From the example and explanations above, you see that both standards are tackling different scopes! We can actually combine them to achieve a complete specification of an event: including application definitionchannels descriptionstructured envelope and detailed functional data carried by the event.

The global idea of a combination is to use the AsyncAPI specification as a hosting document. It will hold references to CloudEvents attributes and add some more details on the event format.

There are two mechanisms we can use in AsyncAPI to ensure this combination. Choosing the correct mechanism may depend mainly on the protocol you’ll choose to convey your events. Things aren’t perfect yet and you’ll have to make a choice 🤨.

Let’s take the example of using Apache Kafka to distribute events.

  • In the structured content mode, CloudEvents meta-information are tangled with the data in the messages value. For that mode, we’ll use the JSON Schema composition mechanism that is accessible from AsyncAPI,
  • In the binary content mode (that may use Avro), CloudEvents meta-information are dissociated from message value and projected on messages headers. For that, we’ll use the MessageTrait application mechanism present in AsyncAPI.

Structured content mode

Let’s move our previous AsyncAPI example so that it can reuse CloudEvents in structured content mode. Here’s the completed definition:

The important things to notice here are:

  • The definition of headers on line 16. Containing our application custom-header as well as the mandatory CloudEvents content-type,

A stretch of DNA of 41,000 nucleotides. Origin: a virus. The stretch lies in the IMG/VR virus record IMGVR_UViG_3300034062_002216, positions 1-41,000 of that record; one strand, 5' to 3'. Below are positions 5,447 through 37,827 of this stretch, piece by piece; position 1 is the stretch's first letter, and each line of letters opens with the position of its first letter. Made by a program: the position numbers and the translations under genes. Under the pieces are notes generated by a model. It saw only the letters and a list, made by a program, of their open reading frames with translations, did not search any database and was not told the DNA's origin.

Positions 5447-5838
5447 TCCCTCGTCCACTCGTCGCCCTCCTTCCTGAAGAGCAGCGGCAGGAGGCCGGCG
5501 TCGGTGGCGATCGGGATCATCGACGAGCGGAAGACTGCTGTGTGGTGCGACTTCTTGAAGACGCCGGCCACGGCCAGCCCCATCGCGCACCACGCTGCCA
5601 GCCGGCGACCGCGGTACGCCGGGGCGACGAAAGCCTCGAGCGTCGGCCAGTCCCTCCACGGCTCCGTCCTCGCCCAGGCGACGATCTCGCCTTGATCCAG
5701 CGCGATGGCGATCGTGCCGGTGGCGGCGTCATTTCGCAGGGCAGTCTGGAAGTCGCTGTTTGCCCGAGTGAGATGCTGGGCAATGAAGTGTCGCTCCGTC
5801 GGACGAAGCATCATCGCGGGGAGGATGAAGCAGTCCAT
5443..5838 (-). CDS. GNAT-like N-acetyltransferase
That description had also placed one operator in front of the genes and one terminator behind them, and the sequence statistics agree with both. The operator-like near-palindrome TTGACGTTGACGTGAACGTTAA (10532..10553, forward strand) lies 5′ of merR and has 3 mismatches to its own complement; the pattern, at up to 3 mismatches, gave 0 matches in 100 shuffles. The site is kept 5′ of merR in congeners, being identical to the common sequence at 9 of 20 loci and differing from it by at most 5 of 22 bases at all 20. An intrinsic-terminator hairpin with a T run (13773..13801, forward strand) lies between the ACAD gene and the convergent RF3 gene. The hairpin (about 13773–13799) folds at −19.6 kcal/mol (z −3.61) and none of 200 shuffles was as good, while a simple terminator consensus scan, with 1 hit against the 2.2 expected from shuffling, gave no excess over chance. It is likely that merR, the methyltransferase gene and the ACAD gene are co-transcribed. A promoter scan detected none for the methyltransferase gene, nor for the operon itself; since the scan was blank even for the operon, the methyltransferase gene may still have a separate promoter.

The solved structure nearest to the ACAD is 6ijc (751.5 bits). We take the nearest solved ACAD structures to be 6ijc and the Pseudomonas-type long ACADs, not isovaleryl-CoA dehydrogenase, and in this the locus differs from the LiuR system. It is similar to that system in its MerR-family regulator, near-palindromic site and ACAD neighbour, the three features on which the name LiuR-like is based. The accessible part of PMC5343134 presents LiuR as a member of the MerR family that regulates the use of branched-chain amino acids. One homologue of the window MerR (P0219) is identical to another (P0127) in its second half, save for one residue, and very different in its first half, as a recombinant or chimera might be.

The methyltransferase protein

• The inclusion of CloudEvents spec on line 33, reusing this specification as a basis for our message,
  • The refining of the data property description on line 36.

Binary content mode

Let’s do the same thing as our previous AsyncAPI example but now applying the binary content mode. Here’s the completed definition:

The important things to notice here are:

  • The application of a trait at the message level on line 16. The trait resource is just a partial AsyncAPI document containing a MessageTrait definition. This trait will bring all the mandatory attributes (ce_*) from CloudEvents. It is indeed the equivalent of the CloudEvents JSON Schema.
  • This time we’re specifying our event payload using an Avro schema as specified on line 25.

What are the benefits?

Whatever the content mode you chose, you now have a comprehensive description of your event and all the elements of your Even Driven Architecture! Not only you are guaranteeing its low-level interoperability with the ability to be routed and trigger some function in a Serverless world ; but you also bring complete description of the carried data that will be of great help for applications consuming and processing events.

Simulating CloudEvents with Microcks

Let’s tackle the the second challenge: How can we efficiently work as a team without having to wait for someone else’s events? We saw just above how we can fully describe our events. However it would be even better to have a pragmatic approach for leveraging this CloudEvents + AsyncAPI contract… And that’s where Microcks comes to the rescue 😎

What is Microcks?

Microcks is an Open source Kubernetes-native tool for mocking/simulating and testing APIs. One purpose of Microcks is to turn your API contract (OpenAPI, AsyncAPI, Postman Collection) into live mocks in seconds. It means that once it has imported your AsyncAPI contract, Microcks start producing mock events on a message broker at a defined frequency.

Using Microcks you can then simulate CloudEvents in seconds, without writing a single line of code. Microcks will allow the team relying on input events to start working without waiting for the team coding the event publication.